This blog post is one of a six-part series on how to develop high-impact service-learning curricula. Each post discusses one best practice for writing effective service-learning curricula and provides an example of implementation. These best practices are informed by the development of Live the Questions, American Jewish World Service’s service-learning curriculum for the World Partners Fellowship in India. To engender greater collaboration and support the development of a robust service-learning field, we have made the complete curriculum available here.
Best practice: Push participants out of their comfort zone to learn from what emerges
Direct service in underprivileged communities involves negotiating incredibly difficult ethical questions. How do we relate to, and respect the dignity of, the people we seek to help? When and why do our good intentions and desire to help conflict with the needs of those we serve? How do we navigate our power and privilege and build authentic relationships with the community? How do we know when the service we do is effective, versus simply a tool for self-fulfillment, as the baked beans cartoon insinuates? These questions mean talking about power, privilege and the potential negative impact of a volunteer’s presence and service in a community.
These are hard questions without easy answers. And, answering them theoretically is only the first step toward navigating them in practice. However, an effective service-learning curriculum pushes participants to explore these questions. It challenges them to move beyond benignly feeling good about their service to a more sophisticated state of inquiry. This higher state fosters critical humility, awareness and responsibility in participants. It is where they learn to be effective volunteers and social justice advocates.
At AJWS, we call this pedagogy “fostering productive discomfort”: not guilt or a feeling of overwhelmed paralysis (“I can’t possibly make a difference—I may as well go home”) but rather a kind of psychic dissonance that encourages them to alter their perspective, and therefore their behavior.
For example, during orientation, participants read Ivan Illich’s speech “To Hell with Good Intentions” and discuss its implications for their volunteer experience.
By definition, you cannot help being ultimately vacationing salesmen for the middle-class “American Way of Life,” since that is really the only life you know…. The idea that every American has something to give, and at all times may, can and should give it, explains why it occurred to students that they could help Mexican peasants “develop” by spending a few months in their villages.
Participants talk about how to mitigate harm and move toward a more healthy relationship with members of the community where they will work. They explore the potential of photography and gift-giving to create negative power dynamics and distance them from community members. Most importantly, they learn to approach their service with a posture of humility and a desire to learn, not a presumption that they know it all.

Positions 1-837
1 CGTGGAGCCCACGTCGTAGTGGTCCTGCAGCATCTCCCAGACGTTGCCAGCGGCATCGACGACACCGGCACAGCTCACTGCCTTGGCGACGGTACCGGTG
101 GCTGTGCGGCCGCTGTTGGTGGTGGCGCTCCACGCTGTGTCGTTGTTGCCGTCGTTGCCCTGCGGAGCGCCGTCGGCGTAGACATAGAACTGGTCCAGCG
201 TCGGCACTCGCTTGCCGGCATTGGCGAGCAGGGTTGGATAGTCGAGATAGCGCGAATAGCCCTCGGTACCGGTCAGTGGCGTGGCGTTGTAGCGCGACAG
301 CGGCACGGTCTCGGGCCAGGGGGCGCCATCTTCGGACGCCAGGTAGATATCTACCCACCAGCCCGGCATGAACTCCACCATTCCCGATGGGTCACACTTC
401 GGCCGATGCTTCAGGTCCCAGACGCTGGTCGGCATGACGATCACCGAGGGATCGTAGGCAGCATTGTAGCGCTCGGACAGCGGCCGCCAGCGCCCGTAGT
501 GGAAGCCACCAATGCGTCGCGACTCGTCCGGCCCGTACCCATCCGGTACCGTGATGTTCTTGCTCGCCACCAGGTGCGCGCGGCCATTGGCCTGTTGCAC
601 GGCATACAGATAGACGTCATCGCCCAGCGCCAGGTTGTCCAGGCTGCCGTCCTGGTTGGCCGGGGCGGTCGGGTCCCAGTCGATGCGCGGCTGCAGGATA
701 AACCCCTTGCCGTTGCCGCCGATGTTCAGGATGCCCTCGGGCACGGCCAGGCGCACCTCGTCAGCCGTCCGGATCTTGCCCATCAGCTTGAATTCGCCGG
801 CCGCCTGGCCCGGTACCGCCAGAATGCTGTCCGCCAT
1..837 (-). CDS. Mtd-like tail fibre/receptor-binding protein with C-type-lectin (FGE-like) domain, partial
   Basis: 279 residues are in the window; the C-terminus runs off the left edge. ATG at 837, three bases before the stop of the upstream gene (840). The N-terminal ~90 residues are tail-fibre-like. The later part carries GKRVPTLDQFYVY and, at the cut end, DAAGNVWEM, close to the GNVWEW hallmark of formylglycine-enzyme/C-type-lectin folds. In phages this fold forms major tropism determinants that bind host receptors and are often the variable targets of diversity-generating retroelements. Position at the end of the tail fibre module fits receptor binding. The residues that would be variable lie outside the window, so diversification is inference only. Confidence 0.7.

Throughout the fellowship, participants return to these questions and apply them to the real-life challenges they are navigating in their placements. They receive a monthly text study that they discuss with a chavruta (learning partner) and write a monthly reflection that asks them to grapple with these questions in the context of their work and life in India.
As one volunteer, Raina Fox, wrote in her monthly reflection:
What I have discovered is that, as completely corny as it sounds, I live for the questions. For me, the point of being is asking and learning, and the answers are almost irrelevant. The goal is to struggle with things that are confusing, to be challenged to think differently and to be unsettled enough that I never become complacent.
I love that every experience in Bhuj has been an opportunity to challenge my thinking, from having a conversation with a neighbor to taking a walk by the lake. I never know what will emerge from these small moments – an underlying philosophy of difference (for example, I was recently told by my neighbor that I was fair because I eat yoghurt, causing me to think in a totally new way about not only the concept of race in India but my own assumptions about the biological and sociological ideas of race in general), or a moment of surprising similarity (just yesterday I was chatting with a Muslim artisan who explained that the dyeing craft goes all the way back to Mussah. As he told this history I came to realize that he was referring to what I would call the Moses story. I felt elated hearing this familiar story told in unfamiliar ways and in an unfamiliar location). I love being challenged to think differently and to see the world through a new lens, and feel I have gained confidence in approaching situations of cultural difference both respectfully and critically.
This volunteer’s reflection highlights the sweet spot of productive discomfort. It is about pushing participants out of complacency, encouraging them to face the uncomfortable and critical ethical questions of their work and supporting them to live these questions as they navigate their experience.